7 Key Themes From the Book of Joshua

7 Key Themes From the Book of Joshua July 3, 2019

In a few days I’m starting an online, interactive, in-depth journey through the book of Joshua. As we walk through this incredible Old Testament book, we’ll discover seven recurring themes that run throughout the book:

1. God fulfills His promises. The word “promise” appears fourteeen times in the book of Joshua, and for good reason. God promised the land of Canaan to the Israelites, and the book of Joshua is all about God making good on His promises.

2. Disobedience leads to disaster. We see this clearly in Joshua 7 with Achan’s sin, but it’s a theme that occurs several times throughout the book. When the Israelites obey God, good things happen. But disobedience leads to disaster. Several times the Israelites take a misstep and pay the penalty for it.

3. True faith requires action. Joshua believed in God, and we see that faith by what Joshua actually did. Joshua stepped foot into the Jordan River at flood stage (Joshua 3), he marched around the walls of Jericho for seven days by faith (Joshua 6), and he even walked onto a battlefield where his opponents outnumbered him exponentially (Joshua 11). True faith requires action.

4. We must take possession of what God has promised. This is a timeless truth many Christians miss today. Just because God had promised the land of Canaan to Israel, that didn’t mean there wouldn’t be work involved for the Israelites. They had to take possession of what God had promised, just as we as Christians today must take possession of the victory God has already promised us.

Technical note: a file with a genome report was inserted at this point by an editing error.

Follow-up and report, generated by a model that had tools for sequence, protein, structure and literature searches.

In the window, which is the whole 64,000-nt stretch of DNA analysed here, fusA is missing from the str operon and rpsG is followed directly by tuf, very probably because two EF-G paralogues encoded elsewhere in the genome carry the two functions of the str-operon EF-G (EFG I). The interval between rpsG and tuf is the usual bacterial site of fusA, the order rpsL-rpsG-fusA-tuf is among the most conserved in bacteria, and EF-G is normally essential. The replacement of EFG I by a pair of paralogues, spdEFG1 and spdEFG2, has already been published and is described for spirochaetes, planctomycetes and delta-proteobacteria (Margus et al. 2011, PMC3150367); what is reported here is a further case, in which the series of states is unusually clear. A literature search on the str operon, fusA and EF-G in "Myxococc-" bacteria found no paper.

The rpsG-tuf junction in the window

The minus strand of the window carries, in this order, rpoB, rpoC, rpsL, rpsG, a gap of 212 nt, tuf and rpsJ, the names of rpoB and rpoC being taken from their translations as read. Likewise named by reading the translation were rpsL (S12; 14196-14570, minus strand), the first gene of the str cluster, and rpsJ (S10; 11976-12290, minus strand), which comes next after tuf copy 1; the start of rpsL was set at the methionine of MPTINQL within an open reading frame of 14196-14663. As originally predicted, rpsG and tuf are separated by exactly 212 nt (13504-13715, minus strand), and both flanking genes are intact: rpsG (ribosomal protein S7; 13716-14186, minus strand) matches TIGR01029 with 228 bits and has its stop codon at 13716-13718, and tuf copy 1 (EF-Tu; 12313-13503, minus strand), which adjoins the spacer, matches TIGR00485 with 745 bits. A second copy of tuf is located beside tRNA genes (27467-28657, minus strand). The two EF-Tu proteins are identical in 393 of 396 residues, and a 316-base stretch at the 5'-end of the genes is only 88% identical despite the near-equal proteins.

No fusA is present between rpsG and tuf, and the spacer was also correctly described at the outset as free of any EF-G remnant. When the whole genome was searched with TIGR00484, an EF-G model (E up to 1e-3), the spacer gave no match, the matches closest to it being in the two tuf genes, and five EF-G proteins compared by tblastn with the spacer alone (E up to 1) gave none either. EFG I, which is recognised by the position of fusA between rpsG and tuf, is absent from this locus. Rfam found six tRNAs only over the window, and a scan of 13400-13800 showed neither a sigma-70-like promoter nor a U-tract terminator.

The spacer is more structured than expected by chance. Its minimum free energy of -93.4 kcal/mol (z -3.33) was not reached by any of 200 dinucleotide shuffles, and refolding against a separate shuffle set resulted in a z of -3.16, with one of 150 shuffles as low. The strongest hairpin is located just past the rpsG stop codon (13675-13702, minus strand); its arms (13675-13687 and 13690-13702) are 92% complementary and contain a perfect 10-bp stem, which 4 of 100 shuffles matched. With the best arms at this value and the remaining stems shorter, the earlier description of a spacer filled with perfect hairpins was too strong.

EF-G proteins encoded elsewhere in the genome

5. God is sovereign judge over all the nations. The book of Joshua is a brutally stark reminder that God is ultimately judge of all the nations. God leveraged Israelites as His instrument of judgment on the nations of that land for their sins, just as hundreds of years later God would leverage the Babylonians to pass judgment on the nation of Judah for its sins. God is sovereign judge over all the nations.

6. Holiness fuels the miraculous. Before the Israelites crossed the Jordan they consecrated themselves. Before the Israelites took Jericho they circumcised the men. Before they defeated Ai they cleansed the sin from their camp. Holiness fuels the miraculous.

7. Leadership matters. God used a human (Joshua) to lead the Israelites. As long as Joshua led well, the people were victorious. When Joshua failed (as with the deception of Gibeon) the people suffered. Nothing has changed in the millenia of human history: leadership matters.


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